Oh, Gurumayi, I loved you once and truly and for the sake of that love I ask one thing. Leave for good. Shut it all down. Give yourself the deep satisfaction at last of telling the trustees to go to hell. Dare them to reveal whatever it is they threaten you with; their very complicity makes their threats impotent.

Give yourself and your dearest, truest, closest followers the experience of total truth; release those who have sworn their lives to you. Tell them what you have known for years now; you no longer want their lives, you want your own.

Have the grace---the Grace!-- to let your followers go. Give us the freedom you would have for yourself. Realize that nothing you can say will ever take away what we all experienced together, not even an admission of your own culpability in the travesty that Siddha Yoga has become. We can heal and forgive; then live together as true seekers, or as separate expressions of that divine Self. As hard as the way forward may seem, it is preferable to the perpetual purgatory that we are all suffering now.

Take up the grace and the courage we all know you possess and lead us one last time, our Dear One.


Monday, February 8, 2010

Punch. Counter Punch.

What do you all think of this exchange from the comments page of the last post?

PUNCH from Anonymous:

Oh Boy! I can almost not believe my eyes when I read that you have spent so much time, so many summers in Shree Muktananda Ashram and spend so much time in company of the physical form of Gurumayi and see that you haven't "got" any of her teachings!

"God dwells within you as you". Does that ring a bell? "The mantra is the Guru", "the teachings of the rays Guru", "The Heart is the hub of all sacred places. Go there and roam."... how many times did you hear that?! Did ANY of it get into your system? Did you put any of the teachings into practice? Have you been a siddha yoga student? Have you done your homework?! I'm so tired of all you "poor", "hurt" people in pain being "abandoned". You should be ashamed! You have received SO much and still are begging for more.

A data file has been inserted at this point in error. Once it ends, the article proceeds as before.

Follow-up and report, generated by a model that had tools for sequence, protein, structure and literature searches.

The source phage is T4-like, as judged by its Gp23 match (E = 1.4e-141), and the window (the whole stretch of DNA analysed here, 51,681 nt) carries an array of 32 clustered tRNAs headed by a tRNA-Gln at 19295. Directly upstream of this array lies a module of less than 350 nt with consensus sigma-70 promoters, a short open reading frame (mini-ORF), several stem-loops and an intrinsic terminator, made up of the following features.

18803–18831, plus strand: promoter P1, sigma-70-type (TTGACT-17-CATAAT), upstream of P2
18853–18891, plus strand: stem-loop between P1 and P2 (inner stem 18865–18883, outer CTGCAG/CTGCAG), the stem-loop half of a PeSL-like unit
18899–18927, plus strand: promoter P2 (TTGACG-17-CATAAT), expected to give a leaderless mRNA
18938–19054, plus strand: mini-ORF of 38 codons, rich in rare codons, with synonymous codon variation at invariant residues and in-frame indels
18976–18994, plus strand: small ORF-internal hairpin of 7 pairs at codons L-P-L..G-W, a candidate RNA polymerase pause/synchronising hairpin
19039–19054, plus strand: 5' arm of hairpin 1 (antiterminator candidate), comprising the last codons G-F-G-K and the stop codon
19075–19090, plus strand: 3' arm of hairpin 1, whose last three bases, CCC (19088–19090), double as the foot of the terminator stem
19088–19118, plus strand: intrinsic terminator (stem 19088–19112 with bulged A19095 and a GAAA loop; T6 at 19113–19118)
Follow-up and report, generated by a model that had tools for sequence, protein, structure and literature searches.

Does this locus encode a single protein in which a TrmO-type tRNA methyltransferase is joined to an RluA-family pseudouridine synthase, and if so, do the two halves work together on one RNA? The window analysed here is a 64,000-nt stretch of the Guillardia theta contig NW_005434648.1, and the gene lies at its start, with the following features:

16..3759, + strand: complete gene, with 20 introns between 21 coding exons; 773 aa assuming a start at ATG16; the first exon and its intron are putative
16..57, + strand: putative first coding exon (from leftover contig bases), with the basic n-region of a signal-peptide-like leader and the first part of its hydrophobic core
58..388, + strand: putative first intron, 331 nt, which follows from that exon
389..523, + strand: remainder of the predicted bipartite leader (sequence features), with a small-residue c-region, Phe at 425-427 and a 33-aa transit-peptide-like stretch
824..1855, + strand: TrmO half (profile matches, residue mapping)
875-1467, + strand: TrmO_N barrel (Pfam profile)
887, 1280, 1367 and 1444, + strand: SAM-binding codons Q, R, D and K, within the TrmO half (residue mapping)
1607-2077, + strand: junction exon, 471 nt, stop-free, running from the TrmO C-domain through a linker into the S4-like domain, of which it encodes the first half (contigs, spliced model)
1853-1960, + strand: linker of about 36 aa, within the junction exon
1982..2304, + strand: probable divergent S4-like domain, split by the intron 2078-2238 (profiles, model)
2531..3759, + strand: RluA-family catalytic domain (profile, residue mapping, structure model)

If you haven't experienced the Guru within, if you haven't experienced the Self, to put it plainly: if you haven't done your homework, what is the point of Gurumayi pampering you in person?!

Just for the record, I had the great fortune to spend some time in the physical presence of Gurumayi last year and let me tell you, she has never been more energetic, more alive, more in her role as a teacher than now. Just because she is not on tour, delivering talks all year long, doesn't mean she is not there for you. But the escencial question is: are you there for Her? Are you there for your own growth? Have you followed your 9 min OM sadhana every day? NO? Then do yourself and everyone else a favor and think before you blame Gurumayi and the SYDA for your own lack of committment.

February 2, 2010 1:32 PM

COUNTERPUNCH from (another) Anon

I suppose I understand the indignant response of the writer of the comment from Feb 2 that 'we' just "haven't 'got' any of her teachings." As is often the case, there is a certain lack of empathy and understanding behind the tongue-lashings delivered by those who proclaim the teachings that we should 'see God in each other.'

'Siddha Yoga' has always rested foursquare on the role of the 'Siddha,' the living master. The behavior of the Siddha in this case in no way measures up to the Masters of the past, who continued their work tirelessly and with compassion until their last breath -- for instance, Bhagawan Nityananda and even Muktananda (who at least spelled out what was happening and didn't stop showing up, even until the night of his passing).